Elba Island, Ga. LNG Export Startup Delayed (Again) – Now 1Q19

The East Coast’s second LNG export plant to come online, after Cove Point in Maryland, will be Elba Island in Georgia. In July, Kinder Morgan, the builder and primary sponsor of the project, pushed back startup for the plant from the third until fourth quarter of this year (see Elba Island, Ga. LNG Export Startup Delayed to 4Q18). In what appears to be a pattern, Kinder has just delayed startup again–now estimated to be first quarter of next year.
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Dominion Officially Axes Compressor Station Plan Near Mt. Vernon

In July MDN told you that Dominion Energy had decided, at least unofficially, to abandon a plan to build a compressor station across the Potomac River from Mount Vernon–the home and estate of our illustrious first president, George Washington (see Dominion Surrenders to Mt. Vernon – Relocating Compressor Station). Mount Vernon caretakers said the station would junk up their pretty view, which Dominion disputed. Regardless, Dominion said it would work with Mount Vernon on a plan to locate the compressor somewhere else that wouldn’t interfere with the view. Dominion has just made it official. On Monday they said they won’t build the station where originally planned.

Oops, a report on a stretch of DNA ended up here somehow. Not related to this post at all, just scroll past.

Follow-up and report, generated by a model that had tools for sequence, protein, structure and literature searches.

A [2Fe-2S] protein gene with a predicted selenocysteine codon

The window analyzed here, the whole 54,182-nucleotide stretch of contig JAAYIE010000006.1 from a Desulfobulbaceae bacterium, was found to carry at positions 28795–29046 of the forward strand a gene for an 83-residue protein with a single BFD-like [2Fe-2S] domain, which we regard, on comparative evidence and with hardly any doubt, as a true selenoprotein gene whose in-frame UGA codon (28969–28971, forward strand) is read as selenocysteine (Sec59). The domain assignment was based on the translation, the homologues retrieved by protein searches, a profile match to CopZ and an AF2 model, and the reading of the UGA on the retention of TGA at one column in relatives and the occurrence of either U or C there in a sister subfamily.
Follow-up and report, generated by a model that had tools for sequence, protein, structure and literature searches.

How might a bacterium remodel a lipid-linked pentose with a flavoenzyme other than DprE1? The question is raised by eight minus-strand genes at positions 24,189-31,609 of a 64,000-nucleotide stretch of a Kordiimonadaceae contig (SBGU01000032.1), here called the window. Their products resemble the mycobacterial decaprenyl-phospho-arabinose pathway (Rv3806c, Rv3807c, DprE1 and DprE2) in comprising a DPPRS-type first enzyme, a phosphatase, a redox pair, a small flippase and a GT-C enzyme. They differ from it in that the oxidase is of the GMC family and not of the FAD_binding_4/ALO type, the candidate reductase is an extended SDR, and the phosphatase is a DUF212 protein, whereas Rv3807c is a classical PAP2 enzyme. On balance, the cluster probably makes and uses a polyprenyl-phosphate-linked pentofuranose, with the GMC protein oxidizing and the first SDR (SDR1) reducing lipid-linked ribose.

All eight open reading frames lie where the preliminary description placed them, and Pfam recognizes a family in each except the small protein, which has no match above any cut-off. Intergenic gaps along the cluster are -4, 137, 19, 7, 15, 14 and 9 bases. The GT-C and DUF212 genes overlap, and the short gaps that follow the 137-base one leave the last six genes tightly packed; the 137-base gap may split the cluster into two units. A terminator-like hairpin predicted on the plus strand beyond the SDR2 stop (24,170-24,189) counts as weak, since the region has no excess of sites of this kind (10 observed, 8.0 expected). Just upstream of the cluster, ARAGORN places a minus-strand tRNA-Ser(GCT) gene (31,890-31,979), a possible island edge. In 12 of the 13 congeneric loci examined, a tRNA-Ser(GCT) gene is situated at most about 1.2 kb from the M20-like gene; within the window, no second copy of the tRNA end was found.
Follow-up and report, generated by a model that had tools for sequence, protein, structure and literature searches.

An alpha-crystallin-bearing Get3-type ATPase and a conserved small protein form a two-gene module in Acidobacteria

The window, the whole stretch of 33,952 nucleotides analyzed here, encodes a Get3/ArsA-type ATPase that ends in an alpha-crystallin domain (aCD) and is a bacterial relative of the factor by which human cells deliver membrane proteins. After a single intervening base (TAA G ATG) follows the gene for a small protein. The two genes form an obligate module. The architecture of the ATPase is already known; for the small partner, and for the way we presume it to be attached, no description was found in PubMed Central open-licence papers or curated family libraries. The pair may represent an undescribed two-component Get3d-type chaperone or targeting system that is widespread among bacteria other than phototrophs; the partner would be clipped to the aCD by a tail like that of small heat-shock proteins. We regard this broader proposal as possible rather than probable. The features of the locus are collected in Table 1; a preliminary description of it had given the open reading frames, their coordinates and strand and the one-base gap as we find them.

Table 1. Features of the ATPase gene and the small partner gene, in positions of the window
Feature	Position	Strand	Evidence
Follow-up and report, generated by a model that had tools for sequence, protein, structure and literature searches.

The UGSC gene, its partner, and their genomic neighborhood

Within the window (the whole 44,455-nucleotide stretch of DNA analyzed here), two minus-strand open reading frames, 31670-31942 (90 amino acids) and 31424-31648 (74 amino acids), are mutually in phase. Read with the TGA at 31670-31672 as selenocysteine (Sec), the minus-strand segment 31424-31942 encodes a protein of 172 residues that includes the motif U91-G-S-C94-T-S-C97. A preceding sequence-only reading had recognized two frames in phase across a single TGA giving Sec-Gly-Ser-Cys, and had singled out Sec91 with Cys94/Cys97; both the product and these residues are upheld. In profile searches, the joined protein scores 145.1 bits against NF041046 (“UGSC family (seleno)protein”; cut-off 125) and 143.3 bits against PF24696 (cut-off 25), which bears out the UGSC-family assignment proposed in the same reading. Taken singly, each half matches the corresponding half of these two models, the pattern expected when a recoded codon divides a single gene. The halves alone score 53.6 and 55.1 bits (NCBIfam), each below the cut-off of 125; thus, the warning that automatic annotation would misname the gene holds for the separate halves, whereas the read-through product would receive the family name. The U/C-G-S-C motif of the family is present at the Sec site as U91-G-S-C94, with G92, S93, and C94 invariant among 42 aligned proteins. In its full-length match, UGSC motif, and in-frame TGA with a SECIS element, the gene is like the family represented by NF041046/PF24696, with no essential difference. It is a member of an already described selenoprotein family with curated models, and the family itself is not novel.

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Belmont, OH Leaders Say PTT Cracker Decision Coming This Year

Last Friday three county commissioners from Belmont County, OH took a field trip to visit Beaver County, PA, touring the Shell ethane cracker site and talking with Beaver County officials about how the project has impacted that area. Tuesday night, a member of the Potter Township (PA) Board of Supervisors came to a meeting of local leaders in Belmont County, to talk about the Shell cracker project and what such a project in Belmont could do for the Ohio Valley. PTT Global Chemical is supposedly close to making a final investment decision on building a cracker in Belmont. The interesting comment coming from Tuesday’s meeting was about the timing of a decision to build the PTT cracker: “It [the decision] will be revealed by the end of the year.” So says Belmont officials.
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Va. Governor Refuses to Stop Mountain Valley Pipeline Work

Va. Gov. Ralph Northam

The pressure DC swamp dwellers and anti-fossil fuelers from across the country (indeed from across the world) have put on Virginia Gov. Ralph Northam (a Democrat) has been intense. They want Northam to abuse his executive authority, in contravention of the law, and block both the Atlantic Coast Pipeline (ACP) and Mountain Valley Pipeline (MVP) projects in his state. Northam’s predecessor, Terry McAuliffe (also a Democrat) created the state’s first Environmental Justice Advisory Council. That Council, packed with anti-fossil fuelers, has advised Northam to block ACP and MVP. Northam has just given his own Council a polite but firm, NO.
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M-U Uses More NatGas for Electric Generation than Any Other Area